The Future is Fast: The Remarkable Tech Running Solana


By: layerthree

Table of Contents


Through the middle of 2017, the term Proof of History (PoH) did not yet exist. That all changed in November of that year, when Anatoly Yakovenko published the Solana whitepaper, and with it, released the Proof of History proposal to the world.

At the time, Bitcoin and Ethereum could muster up about 15 transactions per second. The Proof of History concept immediately allowed that number to shoot up to 150,000!

Solana is available on several marketplaces, which you can read all about in our previously written article here.


Multiple people were involved in the founding of Solana, but the one to write the whitepaper and stands as the de-facto face of the organization is Anatoly Yakovenko.

Anatoly’s background was at Qualcomm, designing distributed systems, then to Mesosphere and Dropbox, where over that time, he watched centralized payment systems require peaks of 65,000 tps.

The Tech

What is Solana?

Solana was created for two main reasons: speed and cheap transaction costs. Both these can be accomplished using the a first-ever combination of the proof of stake (PoS) and proof of history (PoH) consensus mechanisms.

Proof of Stake

As the most common alternative to the original proof of work validation mechanism, you may already be familiar (or at least have heard of) proof of stake.

Critics cite several issues in the proof of work consensus method, the most common being energy usage. So, proof of stake was created with the same end-goal – to allow a decentralized network reach a secure consensus – but where sheer computational power (PoW) is switched to severe financial risk for being dishonest (PoS).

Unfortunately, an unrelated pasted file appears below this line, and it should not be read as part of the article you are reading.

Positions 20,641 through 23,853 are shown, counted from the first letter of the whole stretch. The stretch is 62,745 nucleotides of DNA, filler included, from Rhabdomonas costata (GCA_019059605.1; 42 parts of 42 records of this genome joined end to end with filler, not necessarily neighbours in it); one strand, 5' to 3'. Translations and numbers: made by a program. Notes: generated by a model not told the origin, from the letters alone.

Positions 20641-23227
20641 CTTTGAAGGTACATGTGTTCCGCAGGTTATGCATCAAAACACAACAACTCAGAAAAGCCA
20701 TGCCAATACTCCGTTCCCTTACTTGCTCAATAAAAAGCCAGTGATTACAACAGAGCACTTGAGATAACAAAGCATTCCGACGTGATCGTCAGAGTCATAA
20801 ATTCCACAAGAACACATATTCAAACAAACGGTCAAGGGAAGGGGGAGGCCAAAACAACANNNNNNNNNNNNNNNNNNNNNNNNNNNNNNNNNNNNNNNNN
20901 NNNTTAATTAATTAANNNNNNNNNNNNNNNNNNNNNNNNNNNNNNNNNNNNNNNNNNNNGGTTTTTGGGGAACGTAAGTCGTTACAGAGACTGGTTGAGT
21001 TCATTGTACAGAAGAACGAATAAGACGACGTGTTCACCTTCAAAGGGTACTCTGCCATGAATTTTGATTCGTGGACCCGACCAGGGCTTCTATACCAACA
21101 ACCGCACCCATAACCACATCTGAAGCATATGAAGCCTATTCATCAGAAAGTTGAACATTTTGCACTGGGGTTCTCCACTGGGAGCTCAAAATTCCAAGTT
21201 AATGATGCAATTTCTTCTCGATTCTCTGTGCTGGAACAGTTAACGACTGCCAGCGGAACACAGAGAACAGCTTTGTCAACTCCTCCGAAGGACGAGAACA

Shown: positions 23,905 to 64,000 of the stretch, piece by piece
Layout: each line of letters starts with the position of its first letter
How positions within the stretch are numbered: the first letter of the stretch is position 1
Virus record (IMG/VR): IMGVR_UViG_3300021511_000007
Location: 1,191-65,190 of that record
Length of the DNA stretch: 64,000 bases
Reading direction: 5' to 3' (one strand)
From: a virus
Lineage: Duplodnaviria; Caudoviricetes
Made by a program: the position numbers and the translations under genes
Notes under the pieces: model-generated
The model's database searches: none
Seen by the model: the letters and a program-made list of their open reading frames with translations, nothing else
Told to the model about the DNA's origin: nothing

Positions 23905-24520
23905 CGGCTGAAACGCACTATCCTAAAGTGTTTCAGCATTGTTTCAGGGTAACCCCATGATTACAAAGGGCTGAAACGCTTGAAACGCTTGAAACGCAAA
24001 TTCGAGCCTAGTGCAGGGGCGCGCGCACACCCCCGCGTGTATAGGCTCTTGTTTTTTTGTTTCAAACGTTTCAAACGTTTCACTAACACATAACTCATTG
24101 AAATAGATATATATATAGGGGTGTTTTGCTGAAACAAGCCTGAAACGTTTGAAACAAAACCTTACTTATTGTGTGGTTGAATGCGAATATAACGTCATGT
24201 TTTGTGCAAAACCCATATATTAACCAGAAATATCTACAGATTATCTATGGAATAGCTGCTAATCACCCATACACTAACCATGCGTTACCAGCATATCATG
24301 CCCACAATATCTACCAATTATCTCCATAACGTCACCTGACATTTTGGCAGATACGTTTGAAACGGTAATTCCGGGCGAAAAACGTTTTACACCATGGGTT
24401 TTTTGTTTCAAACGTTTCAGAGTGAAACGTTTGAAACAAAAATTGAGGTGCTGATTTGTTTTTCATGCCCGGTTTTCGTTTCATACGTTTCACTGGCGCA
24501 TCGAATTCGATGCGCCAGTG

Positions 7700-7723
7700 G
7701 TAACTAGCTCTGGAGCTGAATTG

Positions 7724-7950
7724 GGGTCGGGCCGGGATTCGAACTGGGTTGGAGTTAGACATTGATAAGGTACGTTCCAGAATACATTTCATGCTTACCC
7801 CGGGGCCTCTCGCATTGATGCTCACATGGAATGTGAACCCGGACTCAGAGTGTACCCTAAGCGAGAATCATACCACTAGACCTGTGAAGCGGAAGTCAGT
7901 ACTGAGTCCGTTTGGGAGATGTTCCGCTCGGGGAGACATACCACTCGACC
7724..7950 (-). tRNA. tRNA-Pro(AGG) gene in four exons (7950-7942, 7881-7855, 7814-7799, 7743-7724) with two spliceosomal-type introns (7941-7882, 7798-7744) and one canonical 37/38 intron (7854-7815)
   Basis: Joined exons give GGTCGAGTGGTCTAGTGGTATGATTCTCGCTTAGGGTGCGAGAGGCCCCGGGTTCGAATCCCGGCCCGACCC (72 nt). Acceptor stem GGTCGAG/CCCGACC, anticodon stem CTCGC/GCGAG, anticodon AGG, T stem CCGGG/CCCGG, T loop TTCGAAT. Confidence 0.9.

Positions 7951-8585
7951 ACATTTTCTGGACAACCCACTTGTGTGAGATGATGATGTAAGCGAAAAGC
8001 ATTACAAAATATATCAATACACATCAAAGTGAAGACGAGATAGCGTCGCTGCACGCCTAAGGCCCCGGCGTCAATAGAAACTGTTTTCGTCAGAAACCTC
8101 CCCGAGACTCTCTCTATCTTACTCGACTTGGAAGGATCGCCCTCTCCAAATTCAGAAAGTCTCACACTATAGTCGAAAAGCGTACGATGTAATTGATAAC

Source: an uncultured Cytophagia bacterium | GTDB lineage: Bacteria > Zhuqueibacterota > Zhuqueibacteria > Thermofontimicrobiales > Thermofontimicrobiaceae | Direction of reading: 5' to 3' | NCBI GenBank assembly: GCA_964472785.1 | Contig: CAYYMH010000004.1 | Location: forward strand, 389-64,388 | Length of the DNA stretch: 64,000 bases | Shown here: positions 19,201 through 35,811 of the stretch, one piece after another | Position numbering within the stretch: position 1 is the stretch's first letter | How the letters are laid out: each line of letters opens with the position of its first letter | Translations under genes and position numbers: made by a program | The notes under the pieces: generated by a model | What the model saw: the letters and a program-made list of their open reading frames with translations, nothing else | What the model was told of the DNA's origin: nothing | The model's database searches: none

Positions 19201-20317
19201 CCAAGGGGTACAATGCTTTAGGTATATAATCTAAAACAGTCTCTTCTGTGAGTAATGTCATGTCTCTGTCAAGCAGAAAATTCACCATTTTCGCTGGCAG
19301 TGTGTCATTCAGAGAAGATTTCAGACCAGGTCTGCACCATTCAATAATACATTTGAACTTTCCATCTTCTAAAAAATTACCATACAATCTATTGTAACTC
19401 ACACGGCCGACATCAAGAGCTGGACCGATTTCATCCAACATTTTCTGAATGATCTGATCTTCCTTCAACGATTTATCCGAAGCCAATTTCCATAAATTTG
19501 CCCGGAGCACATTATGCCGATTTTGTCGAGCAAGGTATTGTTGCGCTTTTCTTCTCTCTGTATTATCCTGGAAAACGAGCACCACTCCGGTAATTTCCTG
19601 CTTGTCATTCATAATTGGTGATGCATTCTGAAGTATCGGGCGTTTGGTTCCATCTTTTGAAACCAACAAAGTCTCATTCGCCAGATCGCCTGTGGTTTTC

A validator in the proof of stake mechanism will “stake”, or put a financial incentive in, to the protocol as an assurance that he will not collude with others and will do the right thing. This way, validators have “skin-in-the-game” that they will lose if they do not keep the network honest. Finally, consensus is achieved when 2/3 validators, chosen at random, agree on the state of the block.

Proof of History

Proof of History achieves consensus by cryptographically and trustlessly verifying the passage of time between two events. Each successive calculation input depends on the prior output, so the function cannot be solved without running in a sequence.

Technical Example

As all these operations are cryptographic, each is sha256 encrypted. Here is an example:

IndexOperationOutput Hash
1sha256(“any random starting value”)hash1
Courtesy: Solana Whitepaper

In other words, hashN represents the actual hash output. However, this is a simple example where inputs become outputs that become inputs. No relevant data is being passed through.

So, now, for the fun part! Let’s say some arbitrary digital data was created – a photograph was taken:

IndexOperationOutput Hash
1sha256(“any random starting value”)hash1
336sha256(append(hash335, photograph_sha256))hash336
Courtesy: Solana Whitepaper

In this, more realistic, example, the previous output (hash335) and the photograph data (photograph_sha256) are recorded as part of the sequence output.

Because the input still included the prior output, we are sure that the sequence had to occur at some point in time before the next operation was computed.

Why it matters

Each validator on the network is assigned a “slot”, ahead of time, when they will be expected to begin their calculation. The “slot leaders” can stream transactions to the rest of the network in real-time, rather than waiting to fill and send an entire block at once. This system allows for a massive decrease in latency and increase in throughput.

Are there concerns

As always, that answer is “Of course, there are concerns.” As you likely know, decentralization is a hot-button topic in cryptocurrency, and one of the main concerns with Solana is the lack thereof.

Nobody is sure how this will all play out, but one thing to keep in mind, the Solana token was first released in 2019. Bitcoin and Ethereum were released in 2009 and 2015, respectively. Both of the, now world’s largest, cryptocurrencies were quite centralized when they were unknown, untested, and even more volatile than now. It seems as confidence builds in a project, more people are willing to jump in to support, decentralizing the platform.

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